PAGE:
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 Post subject: Carrot Head
PostPosted: Mon Feb 04, 2008 7:28 am 
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Joined: Tue Apr 10, 2007 3:39 pm
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hay
i was speaking to a friend that is visiting Aussie land. They seem to use some thing called a \"carrot head\" on there crags. it is a fix bolt in the rock that the climber sliders a plate over it and then clips the draw to the plate.


I was just wondering has any body climbed using the system? and what are the pro and cons if it. The first question why not just climb sport or trad

http://www.rockhardware.com.au/BoltPlate1l.jpg


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PostPosted: Tue Feb 05, 2008 10:09 am 
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Does this mean that no one has heared of this system ?


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PostPosted: Tue Feb 05, 2008 11:06 am 
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Real Name: Justin Lawson
Have heard of it, I think it is mostly used by cavers!?

Something similar was done on a couple of routes at Paarl Rock (a long time ago) whereby a bolt was placed and a large washer was put on (the washer had a little play) -
The lead climber would then come along and loop a wire (Wallnut / Nut) over the washer and clip the wire for protection.
As you can imagine this is quite a mission and will make climbing a route a little harder to do (putting the plate/nut on, maybe dropping it, making sure the bolt is tight enough and then clipping it).
** As you can see, the system thankfully never took off here!

Normally if a bolt is placed in a spot where very little traffic is expected the bolter will remove the bolt hanger and mention it in the RD.

The first question why not just climb sport or trad :)

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PostPosted: Tue Feb 05, 2008 11:40 am 
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The plate in question is actually not as much of a mission as described above...although you do obviously need to place the hanger plate over the bolt, it simply clips on (i.e. no tightening required).

It's also a lot safer than the nut + washer + wire solution - once a draw is clipped to the plate it constricts the hole where the bolt slides in, thus preventing the plate from coming off (while being able to swivel around the bolt, good/bad I'm not sure?)

One use for this could be routes in very sensitive areas like the Rocklands :wink: where policy requires that all bolts, nuts and hangers need to be camouflaged (painted). The practice of sanding all the bits rough so the paint sticks is something you'll pay someone else to to once you've done it a couple of times (unless someone knows someone who'll sandblast them for free??). With this you can reduce the effort required and the 'environmental impact' to just having a painted bolt-top and nut stick out.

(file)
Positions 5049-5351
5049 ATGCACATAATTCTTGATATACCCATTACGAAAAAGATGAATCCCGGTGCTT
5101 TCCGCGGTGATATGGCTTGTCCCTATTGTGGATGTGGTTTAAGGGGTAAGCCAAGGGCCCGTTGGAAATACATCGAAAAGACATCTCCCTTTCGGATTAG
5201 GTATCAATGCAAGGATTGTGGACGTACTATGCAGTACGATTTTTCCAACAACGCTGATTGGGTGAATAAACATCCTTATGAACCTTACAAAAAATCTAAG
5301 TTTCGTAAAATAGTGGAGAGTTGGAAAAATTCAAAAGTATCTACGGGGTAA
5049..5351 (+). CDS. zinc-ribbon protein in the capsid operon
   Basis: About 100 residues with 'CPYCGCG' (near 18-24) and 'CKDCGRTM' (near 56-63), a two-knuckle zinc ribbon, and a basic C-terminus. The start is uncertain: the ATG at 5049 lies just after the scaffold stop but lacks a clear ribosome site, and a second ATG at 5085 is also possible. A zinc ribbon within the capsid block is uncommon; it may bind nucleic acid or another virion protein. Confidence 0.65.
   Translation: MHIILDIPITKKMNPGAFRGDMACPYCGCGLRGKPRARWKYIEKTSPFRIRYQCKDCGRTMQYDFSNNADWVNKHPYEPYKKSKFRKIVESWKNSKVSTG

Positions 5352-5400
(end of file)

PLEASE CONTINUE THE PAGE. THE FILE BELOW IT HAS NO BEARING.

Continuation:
Added bonus: you get to add another group to hate on and hate from:

Trad climbers can look down on > Hangerless sport climbers can look down on > Hangered sport climbers

Hah! Plus a whole new set of ethics! Fun...


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PostPosted: Tue Feb 05, 2008 2:33 pm 
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I've climbed in Aus a bit and clipped a few carrot bolts. Like any bolts they vary quite a bit, from shiny bomber ones that you whip on happily to horrible rusted hellish ones that you pull out with your fingers, then push back in gently so as not to break them, pray and clip.

The best ones are glued in stainless steel, the worst ones are old coach bolts that are just pounded into a too-small hole.

Most aussies have a few bolt-plates that they carry in their chalk-bag or on a spare biner for these routes. The keyhole design of the plates makes the things surprisingly easy to place and clip, once you get the hang of it. Not that you REALLY want to be faffing with the plates when you are pumped and sketchy but i have seen routes of 28 climbed with bolt plates. There is also a little complication that not all plates fit all bolts so you need a selection of brands and flavours to be safe.

The plates are rated to 20kN or something so they are pretty bomber. I think the bolts are pretty strong (also because there is only one type of metal, there is significantly less corrosion) but because the hanger is not always flush with the rock, there can be more leverage on the bolt. I've seen some bolts that are bent from people falling on them, especially when they arent placed well (too much sticking out).

The huge plus side of these bolts is that they are so cheap and easy to place, making it super cheap and easy to equip long multi-pitch routes, or even put up trad routes with bomber belays, or supplement nasty runouts on trad routes. You just need to look at how many long awesome multi-pitch routes there are in oz to see the advantages of carrots.

I reckon carrots find middle ground between really hardcore trad epics that people seldom climb because they are too intimidating (like most routes on Yellow Wood for example) and join-the dots clip-up sport routes like the multi-pitches in Cogmans or at Harrismith


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